We noticed this thing with Daisy, though. When she starts eating, she grabs a big mouthful and just goes to town. She won’t try to pick out a modest piece – she’ll grab as much as she can manage, and then wrestle the whole thing in the air as she slowly chews it down.
Watching Adam and Norm create this machine from scratch was a delight. There is something great about watching nerds in their nerd zone, totally nerding it up. It’s amazing.
For two years, filmmaker Jennifer Crandall has crisscrossed this deep Southern state, inviting people to look into a camera and share a part of themselves through the words of Walt Whitman. The 19th century poet’s “Song of Myself” is a quintessential reflection of our American identities.
I happened across this short clip of Astro Teller, talking about failure. Teller, whose name wasn’t cool enough and so needed an even cooler job title, is currently “Captain of Moonshots” at X (which is a very cool company).
“All the entrants are people who neither have the technical expertise, determination, nor the focus it takes to build an actual robot. That is why the robots in this contest can barely even move forward, and why they put on stunningly crappy sumo matches.”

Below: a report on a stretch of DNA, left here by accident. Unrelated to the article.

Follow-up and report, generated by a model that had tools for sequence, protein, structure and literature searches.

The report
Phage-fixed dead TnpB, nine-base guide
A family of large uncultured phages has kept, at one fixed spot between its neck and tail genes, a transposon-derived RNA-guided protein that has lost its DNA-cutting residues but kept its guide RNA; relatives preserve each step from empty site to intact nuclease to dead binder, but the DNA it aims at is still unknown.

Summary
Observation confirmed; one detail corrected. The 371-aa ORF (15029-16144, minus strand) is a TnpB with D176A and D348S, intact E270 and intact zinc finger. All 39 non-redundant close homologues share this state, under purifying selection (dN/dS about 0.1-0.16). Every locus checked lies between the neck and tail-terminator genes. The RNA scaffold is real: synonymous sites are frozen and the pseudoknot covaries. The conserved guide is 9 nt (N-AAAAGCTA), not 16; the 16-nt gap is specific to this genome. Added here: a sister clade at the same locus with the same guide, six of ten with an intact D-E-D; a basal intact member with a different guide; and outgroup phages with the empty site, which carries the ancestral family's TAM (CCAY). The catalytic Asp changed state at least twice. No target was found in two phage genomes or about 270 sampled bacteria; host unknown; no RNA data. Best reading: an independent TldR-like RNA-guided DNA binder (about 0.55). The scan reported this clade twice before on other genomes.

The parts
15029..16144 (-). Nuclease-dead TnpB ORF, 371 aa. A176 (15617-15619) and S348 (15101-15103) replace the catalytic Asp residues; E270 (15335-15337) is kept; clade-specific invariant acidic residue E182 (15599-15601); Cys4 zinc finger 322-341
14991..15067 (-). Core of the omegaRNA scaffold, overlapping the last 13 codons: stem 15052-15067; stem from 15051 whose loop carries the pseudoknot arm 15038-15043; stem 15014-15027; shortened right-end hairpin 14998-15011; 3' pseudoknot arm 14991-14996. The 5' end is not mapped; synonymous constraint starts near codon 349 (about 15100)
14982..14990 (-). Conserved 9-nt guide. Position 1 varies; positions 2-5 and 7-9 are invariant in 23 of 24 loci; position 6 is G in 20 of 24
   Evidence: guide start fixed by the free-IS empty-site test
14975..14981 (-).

I also love Jones’ incredibly dry descriptions, like when he just nonchalantly says “This is atropa belladonna. Four berries are enough to kill a child.”
Thanks to Liz, I found out about this great TEDxBoston talk by Andrew McAffee on robots and jobs. It’s a nice companion piece to the recent news/announcement about the automated Amazon Go grocery store.
Whenever we’re at the grocery store, I would oftentimes mention to Liz how inefficient the checkout lines were. I mean – there we are, standing there clutching our food, waiting for someone to manually scan each and every item.
Over the weekend, I got to participate in 20×2 Chicago – an event where 20 creatives are all given the same question. Each participant can answer however they like (presentation, reciting a poem, singing a song), so long as they do so in two minutes or less.
“Each image from the Microsculpture project is created from around 8000 individual photographs […] From start to finish, a final photograph will take around 3 weeks to shoot, process and retouch.”
Somm is a fantastic documentary, following four candidates who are working towards passing the incredibly difficult and demanding Master Sommelier exam. Since its inception about 40 years ago, there are less than 200 have ever passed. Liz and I were watching this on Netflix, and by the time the actual exam rolled around… it was absolutely gripping. It was a…
Today, I happened across a post titled Game Theory is Really Counterintuitive, and found myself returning to the examples throughout the day.